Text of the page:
No, latitude doesn't follow gravity (as @mkennedy notes, it follows the
normal to the ellipsoid).
And, no, gravity doesn't follow your hyperbolic curve (nor a straight
The simplest model for gravity of the earth which accounts for its
ellipsoidal shape and its rotation is "normal gravity". (And the
formulas for normal gravity are conveniently expressed in terms of
ellipsoidal coordinates.) Unfortunately, the Wikipedia articles on this
gravity and normal
are deficient in that the height variation is treated only
approximately. (I haven't yet had the energy to fix this!) However, I
have written up some detailed notes on normal gravity
Here's the figure from those notes showing the field lines (green) and
level surfaces (blue) for an exaggerated model of the earth:
The red curve is the surface of the ellipsoid. Normal gravity
is only uniquely defined outside the ellipsoid because the gravity inside the
ellipsoid depends on the mass distribution (which is not specified in
the derivation of normal gravity). In this figure, normal gravity has
been extended inside the ellipsoid assuming that the mass is all
concentrated on a disc on the equatorial plane.
By the way, falling bodies don't follow field lines. Because this is
a rotating system, Coriolis forces come into play. In addition the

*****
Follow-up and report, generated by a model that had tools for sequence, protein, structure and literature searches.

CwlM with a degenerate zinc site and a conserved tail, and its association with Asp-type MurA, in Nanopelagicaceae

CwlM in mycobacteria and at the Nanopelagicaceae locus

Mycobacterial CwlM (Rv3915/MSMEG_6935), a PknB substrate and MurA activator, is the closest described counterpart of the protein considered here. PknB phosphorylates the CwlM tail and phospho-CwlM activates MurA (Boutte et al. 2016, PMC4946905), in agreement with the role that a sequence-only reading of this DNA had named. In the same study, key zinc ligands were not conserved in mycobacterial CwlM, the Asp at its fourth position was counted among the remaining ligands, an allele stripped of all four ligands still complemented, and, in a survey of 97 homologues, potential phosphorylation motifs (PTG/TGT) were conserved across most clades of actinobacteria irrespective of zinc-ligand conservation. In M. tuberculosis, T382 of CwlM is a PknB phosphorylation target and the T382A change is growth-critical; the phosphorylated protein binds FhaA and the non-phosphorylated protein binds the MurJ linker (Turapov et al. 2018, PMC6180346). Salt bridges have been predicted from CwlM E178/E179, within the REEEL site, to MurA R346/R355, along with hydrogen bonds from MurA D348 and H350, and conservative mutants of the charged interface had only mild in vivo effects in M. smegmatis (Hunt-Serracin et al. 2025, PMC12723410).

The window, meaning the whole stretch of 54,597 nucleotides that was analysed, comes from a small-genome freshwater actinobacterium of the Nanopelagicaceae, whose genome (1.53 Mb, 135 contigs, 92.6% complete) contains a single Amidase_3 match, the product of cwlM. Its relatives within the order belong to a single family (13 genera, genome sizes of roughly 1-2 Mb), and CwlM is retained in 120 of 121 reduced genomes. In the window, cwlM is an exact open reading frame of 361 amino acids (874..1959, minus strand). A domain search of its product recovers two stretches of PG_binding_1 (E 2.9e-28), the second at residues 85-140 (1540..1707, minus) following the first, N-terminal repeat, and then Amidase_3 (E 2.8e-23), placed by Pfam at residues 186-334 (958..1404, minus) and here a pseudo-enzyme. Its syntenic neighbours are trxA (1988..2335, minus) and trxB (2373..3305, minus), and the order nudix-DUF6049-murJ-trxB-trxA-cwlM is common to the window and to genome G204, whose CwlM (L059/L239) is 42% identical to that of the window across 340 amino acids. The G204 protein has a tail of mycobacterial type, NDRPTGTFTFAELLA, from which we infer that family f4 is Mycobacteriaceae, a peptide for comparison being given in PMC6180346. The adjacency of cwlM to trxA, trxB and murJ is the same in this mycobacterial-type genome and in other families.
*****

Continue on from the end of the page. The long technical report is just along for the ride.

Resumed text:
bodies interia will cause the body to deviate from a curved field line.
The field lines follow hyperbolas if the ellipsoid is not rotating.
Two possible mass distributions which then result
in a constant gravitational potential on the reference ellipsoid (i.e.,
which satisfy the conditions for normal gravity) are:
All the mass is sandwiched uniformly between the ellipsoid and a
slightly smaller similar ellipsoid. In this case the potential is
constant inside the ellipsoid. Such an ellipsoidal shell is called a
A massive circular disk of radius E, where E2 =
a2 - b2, with mass distribution proportional
to 1/sqrt(E2 - R2), for radius R < E.
This is the limiting case of the homoeoid.
If a < b (the ellipsoid is prolate), the disk is replaced by a
massive rod with uniform mass distribution.
Details are given in my
A uniform mass distribution is a possible solution to the problem of
normal gravity. This is the so-called
In this case the flattening is given by the rotation (instead of being
independently specified). In this case, the level surfaces inside the
ellipsoid are concentric similar ellipsoids and the field lines all
terminate at the center of the ellipsoid. (The field outside the
ellipsoid is normal gravity, of course.) Here are the level surfaces
(blue) and field lines (green) inside the ellipsoid for f = 1/5: